A spotlight has been on the income tax rates paid by Minnesota’s top earners all year at the Capitol.
Here’s one good reason why: The effective marginal tax rate paid by those in the top income tax bracket was lower last year than in all but five other years since 1970.
That telling tax tidbit was quietly reported to interested legislators by House Research several months ago. The report combined the federal and state income tax rates assessed against that portion of incomes that falls into the highest federal and state brackets.
It found that in 2010, top earners faced a combined federal-plus-state effective marginal rate of 43 percent. Only between 1988 and 1992 were effective top marginal rates lower for Minnesotans. Through most of the 1990s, the effective combined marginal rate topped 50 percent.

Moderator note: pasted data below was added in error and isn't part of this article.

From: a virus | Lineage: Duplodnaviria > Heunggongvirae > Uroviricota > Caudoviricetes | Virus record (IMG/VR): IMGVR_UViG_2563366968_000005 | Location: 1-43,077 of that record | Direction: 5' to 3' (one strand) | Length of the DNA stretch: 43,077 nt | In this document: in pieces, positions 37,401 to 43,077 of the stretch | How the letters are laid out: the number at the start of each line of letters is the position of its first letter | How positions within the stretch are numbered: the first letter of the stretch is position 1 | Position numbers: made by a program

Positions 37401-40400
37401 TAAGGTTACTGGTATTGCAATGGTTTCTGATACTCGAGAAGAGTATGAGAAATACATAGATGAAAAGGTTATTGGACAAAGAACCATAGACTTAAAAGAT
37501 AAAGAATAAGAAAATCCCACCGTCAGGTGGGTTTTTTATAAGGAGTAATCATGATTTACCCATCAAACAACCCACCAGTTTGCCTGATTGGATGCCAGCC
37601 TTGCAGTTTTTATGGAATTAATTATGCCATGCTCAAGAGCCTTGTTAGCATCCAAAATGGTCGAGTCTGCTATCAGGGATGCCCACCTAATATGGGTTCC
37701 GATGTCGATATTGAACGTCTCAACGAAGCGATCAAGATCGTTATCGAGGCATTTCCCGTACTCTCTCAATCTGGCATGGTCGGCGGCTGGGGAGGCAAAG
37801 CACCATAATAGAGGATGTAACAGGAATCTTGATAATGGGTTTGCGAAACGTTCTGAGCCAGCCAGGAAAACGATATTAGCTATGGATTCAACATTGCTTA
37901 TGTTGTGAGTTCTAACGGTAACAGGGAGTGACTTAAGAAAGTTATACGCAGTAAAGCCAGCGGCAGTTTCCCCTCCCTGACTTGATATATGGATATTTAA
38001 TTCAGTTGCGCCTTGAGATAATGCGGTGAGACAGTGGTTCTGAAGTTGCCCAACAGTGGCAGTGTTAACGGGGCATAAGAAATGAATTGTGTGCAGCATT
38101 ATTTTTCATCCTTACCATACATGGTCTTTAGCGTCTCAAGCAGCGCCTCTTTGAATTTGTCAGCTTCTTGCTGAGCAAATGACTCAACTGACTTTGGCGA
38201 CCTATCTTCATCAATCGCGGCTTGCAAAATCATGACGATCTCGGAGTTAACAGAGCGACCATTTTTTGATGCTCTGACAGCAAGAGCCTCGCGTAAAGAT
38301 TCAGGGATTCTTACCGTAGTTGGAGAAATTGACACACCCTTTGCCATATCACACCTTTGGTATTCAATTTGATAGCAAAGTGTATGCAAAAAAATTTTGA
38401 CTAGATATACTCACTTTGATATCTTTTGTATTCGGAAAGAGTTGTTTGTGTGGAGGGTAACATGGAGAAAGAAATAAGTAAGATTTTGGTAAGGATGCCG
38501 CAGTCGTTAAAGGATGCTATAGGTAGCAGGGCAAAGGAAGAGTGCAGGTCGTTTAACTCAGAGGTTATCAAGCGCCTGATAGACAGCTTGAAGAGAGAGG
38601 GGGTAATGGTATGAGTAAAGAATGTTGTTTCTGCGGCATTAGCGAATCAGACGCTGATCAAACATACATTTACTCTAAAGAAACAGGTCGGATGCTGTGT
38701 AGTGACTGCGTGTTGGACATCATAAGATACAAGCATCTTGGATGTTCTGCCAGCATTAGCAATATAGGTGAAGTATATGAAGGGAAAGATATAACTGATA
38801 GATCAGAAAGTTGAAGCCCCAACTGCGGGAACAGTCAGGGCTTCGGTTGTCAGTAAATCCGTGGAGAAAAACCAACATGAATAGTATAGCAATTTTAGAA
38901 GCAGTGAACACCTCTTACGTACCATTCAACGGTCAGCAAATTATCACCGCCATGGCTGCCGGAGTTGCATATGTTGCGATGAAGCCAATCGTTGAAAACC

The study showed that if the Bush-era tax cuts expire for upper-income filers, as President Obama favors, and if Gov. Mark Dayton
’s original income tax proposal had won the Legislature’s approval, the effective rate for top-tier payers in Minnesota would have jumped by 2013 to more than 53 percent.
A tax increase that large and sudden would send many affluent Minnesotans searching for a tax shelter elsewhere, Republican legislators argued as they rejected Dayton’s proposal. They had a point.
But so did Dayton when he noted that the tax burden borne by upper-income Minnesotans has lightened in recent years, even as the share of total personal income claimed by top earners has swelled here and around the country to levels not seen since 1929.